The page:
City of Onkaparinga propose lowest rate rise ever

The draft is out: Mayor Erin Thompson at the Councils Noarlunga Office.
The draft is out: Mayor Erin Thompson at the Councils Noarlunga Office.

City of Onkaparinga residents are set for their lowest ever rate rise for the 2019/20 period after Council released their draft Budget and draft Annual Business plan for the upcoming financial year.

The 1.6% rate rise which been proposed by Council would take the average residential rate to $1562, a $25 increase from 2018/19.

City of Onkaparinga Mayor Erin Thompson said elected members and the administration have worked hard to identify savings and deliver a draft budget that's in line with the end of year Consumer Price Index (CPI).

"We're pleased to go out to our communities with a proposed 1.6 per cent increase for 2019-20 which is one of the lowest rate increases for the coming year across South Australian metropolitan councils and the lowest in our council's history."

The rate is the lowest rise since the Council was created with the amalgamation of the City of Happy Valley, City of Noarlunga and District of Willunga. It is also .15% fall from last years 1.85% increase.

Local resident John Houlahan said that while the low rate rise was a good start for Council, he was concerned that Council was not being as responsible as needed with their spending.

Mr Houlahan who is member of the Onkaparinga Council Watch Group on Facebook has been battling with Council on a number of issues for the last 15 years said that the rate rise was good but Council should be looking at cutting some of their 'Value Added Activities' in order to save money.

He added that it looks as though Council are borrowing too much money and that while Council Administration were always going to be in charge, the elected Council members need to Administration in check.

"There are a number of services they're (Council) providing which are duplicating services provided by non-Government agencies.

"There are areas which are nice to be in if you have got the money - we haven't got the money, we're (the Council) (sic) living beyond our means, they need to start managing their money the same as everybody else in Australia has to."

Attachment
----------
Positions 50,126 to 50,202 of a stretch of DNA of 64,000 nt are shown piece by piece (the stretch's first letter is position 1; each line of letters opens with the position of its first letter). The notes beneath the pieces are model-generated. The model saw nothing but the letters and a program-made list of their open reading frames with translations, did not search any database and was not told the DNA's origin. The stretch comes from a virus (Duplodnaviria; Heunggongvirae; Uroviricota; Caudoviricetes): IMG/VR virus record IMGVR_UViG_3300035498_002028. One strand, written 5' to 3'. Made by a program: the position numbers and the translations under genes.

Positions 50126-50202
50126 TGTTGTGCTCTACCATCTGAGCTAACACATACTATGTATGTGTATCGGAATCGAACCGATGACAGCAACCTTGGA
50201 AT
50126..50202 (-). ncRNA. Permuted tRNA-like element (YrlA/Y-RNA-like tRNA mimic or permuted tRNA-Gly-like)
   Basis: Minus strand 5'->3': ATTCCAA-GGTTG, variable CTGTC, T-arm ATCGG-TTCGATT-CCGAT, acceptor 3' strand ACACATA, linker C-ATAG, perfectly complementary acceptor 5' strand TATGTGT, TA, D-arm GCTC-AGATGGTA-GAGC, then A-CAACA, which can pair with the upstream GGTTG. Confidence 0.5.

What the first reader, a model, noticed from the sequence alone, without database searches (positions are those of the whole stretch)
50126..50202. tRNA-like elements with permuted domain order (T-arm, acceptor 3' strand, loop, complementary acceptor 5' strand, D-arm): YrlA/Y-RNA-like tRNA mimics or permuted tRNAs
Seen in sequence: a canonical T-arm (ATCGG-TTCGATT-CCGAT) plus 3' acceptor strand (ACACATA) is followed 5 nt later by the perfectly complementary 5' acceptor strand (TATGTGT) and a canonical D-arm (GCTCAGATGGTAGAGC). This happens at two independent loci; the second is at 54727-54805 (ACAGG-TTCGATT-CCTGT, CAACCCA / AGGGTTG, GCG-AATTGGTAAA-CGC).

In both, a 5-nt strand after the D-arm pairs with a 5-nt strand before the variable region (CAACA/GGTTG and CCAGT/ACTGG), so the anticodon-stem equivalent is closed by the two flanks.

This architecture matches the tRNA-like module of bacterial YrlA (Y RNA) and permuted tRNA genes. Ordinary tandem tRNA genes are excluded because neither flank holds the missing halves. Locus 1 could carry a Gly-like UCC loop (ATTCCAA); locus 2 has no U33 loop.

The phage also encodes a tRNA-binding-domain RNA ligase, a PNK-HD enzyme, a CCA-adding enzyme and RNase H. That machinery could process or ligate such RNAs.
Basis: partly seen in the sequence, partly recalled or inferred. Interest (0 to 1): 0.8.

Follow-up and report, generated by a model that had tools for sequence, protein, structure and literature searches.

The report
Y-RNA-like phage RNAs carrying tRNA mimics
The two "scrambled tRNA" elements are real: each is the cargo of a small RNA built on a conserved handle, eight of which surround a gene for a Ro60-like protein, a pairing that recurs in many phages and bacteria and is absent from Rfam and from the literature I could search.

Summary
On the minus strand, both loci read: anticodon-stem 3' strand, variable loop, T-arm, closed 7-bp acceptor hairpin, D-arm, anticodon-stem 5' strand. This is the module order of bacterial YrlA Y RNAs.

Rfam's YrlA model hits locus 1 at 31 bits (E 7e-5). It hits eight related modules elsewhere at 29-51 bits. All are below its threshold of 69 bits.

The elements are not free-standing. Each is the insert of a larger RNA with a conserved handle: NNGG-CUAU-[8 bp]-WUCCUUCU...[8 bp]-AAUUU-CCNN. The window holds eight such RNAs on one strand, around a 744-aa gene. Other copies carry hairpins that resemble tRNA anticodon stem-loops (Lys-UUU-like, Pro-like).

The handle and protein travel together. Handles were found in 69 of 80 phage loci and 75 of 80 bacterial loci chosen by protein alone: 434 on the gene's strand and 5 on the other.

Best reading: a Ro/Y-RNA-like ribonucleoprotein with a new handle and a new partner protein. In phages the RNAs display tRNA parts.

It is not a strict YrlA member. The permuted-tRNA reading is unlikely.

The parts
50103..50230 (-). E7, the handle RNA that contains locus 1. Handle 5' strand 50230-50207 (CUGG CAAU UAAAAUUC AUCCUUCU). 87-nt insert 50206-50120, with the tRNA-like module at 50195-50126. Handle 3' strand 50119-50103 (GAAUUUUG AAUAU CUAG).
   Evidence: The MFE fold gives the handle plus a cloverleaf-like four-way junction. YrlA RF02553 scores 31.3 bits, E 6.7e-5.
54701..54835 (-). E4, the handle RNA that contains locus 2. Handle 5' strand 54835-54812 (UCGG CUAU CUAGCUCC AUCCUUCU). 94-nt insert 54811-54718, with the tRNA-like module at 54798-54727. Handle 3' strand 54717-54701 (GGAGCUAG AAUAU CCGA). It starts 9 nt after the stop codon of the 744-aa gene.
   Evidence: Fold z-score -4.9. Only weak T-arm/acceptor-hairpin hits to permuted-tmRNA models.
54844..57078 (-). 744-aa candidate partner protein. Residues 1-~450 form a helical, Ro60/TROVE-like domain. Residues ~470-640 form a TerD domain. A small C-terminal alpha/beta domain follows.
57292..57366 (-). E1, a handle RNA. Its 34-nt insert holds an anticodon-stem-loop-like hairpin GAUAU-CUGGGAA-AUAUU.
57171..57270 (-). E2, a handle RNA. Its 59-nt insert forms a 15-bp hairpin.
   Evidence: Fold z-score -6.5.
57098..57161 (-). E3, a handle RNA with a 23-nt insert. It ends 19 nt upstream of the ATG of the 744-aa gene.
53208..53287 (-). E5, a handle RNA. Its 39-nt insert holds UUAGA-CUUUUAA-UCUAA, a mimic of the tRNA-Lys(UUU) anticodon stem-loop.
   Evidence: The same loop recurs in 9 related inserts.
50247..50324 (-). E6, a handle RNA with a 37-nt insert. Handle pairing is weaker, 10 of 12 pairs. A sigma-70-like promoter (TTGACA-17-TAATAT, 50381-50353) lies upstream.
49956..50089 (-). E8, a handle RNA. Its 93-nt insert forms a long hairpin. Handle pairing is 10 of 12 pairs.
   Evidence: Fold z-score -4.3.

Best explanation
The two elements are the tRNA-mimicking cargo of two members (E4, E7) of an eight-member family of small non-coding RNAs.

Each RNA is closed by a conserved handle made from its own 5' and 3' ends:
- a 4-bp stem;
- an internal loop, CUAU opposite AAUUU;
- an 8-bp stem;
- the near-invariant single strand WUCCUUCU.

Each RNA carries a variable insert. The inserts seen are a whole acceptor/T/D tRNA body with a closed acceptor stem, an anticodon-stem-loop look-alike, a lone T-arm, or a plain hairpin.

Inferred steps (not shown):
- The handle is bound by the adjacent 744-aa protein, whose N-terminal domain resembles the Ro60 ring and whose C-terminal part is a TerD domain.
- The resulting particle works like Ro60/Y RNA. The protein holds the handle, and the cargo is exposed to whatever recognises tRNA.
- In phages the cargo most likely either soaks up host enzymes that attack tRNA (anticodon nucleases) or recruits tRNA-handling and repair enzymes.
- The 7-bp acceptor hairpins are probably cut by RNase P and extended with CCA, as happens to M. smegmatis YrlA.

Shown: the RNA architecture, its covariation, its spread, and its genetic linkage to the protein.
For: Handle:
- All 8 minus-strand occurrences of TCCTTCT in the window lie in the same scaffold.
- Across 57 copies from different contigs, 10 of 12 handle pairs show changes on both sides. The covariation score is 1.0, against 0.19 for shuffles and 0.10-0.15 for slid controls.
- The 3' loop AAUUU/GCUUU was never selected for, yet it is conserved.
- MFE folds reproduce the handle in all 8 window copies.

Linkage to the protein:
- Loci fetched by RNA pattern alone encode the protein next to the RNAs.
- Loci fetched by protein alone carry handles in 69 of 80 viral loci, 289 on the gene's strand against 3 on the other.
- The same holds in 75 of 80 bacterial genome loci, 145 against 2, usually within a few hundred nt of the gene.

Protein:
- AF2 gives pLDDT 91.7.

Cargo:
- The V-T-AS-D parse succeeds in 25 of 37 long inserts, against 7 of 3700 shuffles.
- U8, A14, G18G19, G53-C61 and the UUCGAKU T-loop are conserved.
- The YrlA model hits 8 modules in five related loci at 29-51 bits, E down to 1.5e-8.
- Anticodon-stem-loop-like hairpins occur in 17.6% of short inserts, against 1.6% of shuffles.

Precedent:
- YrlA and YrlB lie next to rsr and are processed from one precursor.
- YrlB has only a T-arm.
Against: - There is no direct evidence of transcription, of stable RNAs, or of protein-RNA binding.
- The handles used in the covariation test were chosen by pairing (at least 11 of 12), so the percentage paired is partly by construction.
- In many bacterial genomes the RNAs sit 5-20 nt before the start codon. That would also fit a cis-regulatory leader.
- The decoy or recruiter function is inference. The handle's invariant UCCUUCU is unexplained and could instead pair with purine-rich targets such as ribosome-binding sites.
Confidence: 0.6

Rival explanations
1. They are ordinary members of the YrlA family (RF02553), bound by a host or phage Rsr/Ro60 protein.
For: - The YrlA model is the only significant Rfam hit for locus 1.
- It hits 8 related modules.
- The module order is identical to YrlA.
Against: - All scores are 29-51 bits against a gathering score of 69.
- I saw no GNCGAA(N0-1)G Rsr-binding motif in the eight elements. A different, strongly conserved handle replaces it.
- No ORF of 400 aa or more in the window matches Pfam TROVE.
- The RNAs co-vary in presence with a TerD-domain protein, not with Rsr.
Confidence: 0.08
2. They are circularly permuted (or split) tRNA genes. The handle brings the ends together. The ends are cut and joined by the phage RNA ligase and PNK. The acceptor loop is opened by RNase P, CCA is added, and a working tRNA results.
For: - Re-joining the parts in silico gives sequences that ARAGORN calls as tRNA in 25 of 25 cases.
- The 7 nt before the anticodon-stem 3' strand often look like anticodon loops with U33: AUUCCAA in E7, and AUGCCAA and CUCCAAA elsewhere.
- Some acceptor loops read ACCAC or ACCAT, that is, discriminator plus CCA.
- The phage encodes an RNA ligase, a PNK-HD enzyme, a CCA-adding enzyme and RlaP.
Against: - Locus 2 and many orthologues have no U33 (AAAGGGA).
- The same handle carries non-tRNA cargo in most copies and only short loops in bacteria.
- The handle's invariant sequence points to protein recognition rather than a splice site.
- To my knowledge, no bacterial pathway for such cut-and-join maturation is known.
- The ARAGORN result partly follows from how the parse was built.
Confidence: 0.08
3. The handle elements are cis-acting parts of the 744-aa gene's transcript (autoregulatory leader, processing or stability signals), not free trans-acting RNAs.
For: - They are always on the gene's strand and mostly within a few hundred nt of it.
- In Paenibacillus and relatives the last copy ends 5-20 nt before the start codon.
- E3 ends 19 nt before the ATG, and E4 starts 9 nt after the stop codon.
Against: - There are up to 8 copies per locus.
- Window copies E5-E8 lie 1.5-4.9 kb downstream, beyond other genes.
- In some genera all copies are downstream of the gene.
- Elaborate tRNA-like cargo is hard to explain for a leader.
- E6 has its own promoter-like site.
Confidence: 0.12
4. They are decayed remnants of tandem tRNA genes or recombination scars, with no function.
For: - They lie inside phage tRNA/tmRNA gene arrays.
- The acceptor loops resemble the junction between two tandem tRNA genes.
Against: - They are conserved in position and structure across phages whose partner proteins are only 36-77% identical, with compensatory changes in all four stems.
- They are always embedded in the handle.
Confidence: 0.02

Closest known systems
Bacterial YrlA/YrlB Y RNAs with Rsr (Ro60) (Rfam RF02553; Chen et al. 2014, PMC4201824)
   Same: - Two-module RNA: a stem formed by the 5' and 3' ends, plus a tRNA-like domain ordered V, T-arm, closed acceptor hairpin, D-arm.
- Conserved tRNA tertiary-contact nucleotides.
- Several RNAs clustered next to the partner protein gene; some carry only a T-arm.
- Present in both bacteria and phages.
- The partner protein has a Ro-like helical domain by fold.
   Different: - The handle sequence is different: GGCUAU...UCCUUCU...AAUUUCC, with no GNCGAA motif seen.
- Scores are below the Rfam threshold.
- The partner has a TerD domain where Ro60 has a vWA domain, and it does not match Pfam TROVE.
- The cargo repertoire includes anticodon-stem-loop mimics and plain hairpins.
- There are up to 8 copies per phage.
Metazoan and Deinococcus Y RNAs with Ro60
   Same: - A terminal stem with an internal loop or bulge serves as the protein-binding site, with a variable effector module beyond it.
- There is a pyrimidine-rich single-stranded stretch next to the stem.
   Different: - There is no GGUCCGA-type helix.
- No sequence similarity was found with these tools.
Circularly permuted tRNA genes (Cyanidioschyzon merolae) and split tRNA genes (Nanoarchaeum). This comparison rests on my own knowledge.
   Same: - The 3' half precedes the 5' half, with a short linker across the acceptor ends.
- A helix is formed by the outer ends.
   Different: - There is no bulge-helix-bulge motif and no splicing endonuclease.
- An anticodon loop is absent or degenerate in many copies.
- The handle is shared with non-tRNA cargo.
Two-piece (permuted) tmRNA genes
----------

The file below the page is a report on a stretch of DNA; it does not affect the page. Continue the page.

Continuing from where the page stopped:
Mr Houlahan used the example that some disability and youth services which Council provide are doubled up due to them already being provided by non-Government agencies.

"Value added activities are not Core Activities, you don't have to provide them," he said.

In the draft Annual Business Plan, it has been proposed that $119.1 million will be spent on Core Activities, $46.2 million on Value Added Activities and $36.2 million on New Assets and Significant Upgrades.

Further information on the draft Annual Business Plan is available now in the link below which also invites community feedback now

Mayor Thompson said Council encourage residents to get involved in the budget process to help us better understand what programs and services are important to them, what they want to see delivered over the next year, how we can improve, and if we're focusing our efforts in the right area.

A major part of the draft Annual Business Plan for Council was working in the increased green organics collection to fortnightly and absorb the impact of China's ban on importing contaminated recycling, all while meeting the ongoing pressures of maintaining and renewing council infrastructure.

The green waste collection change from monthly to fortnightly will kick in on the first of January 2020, with the first six months expected to cost $365,000, from there on the yearly cost has been estimated at $560,000.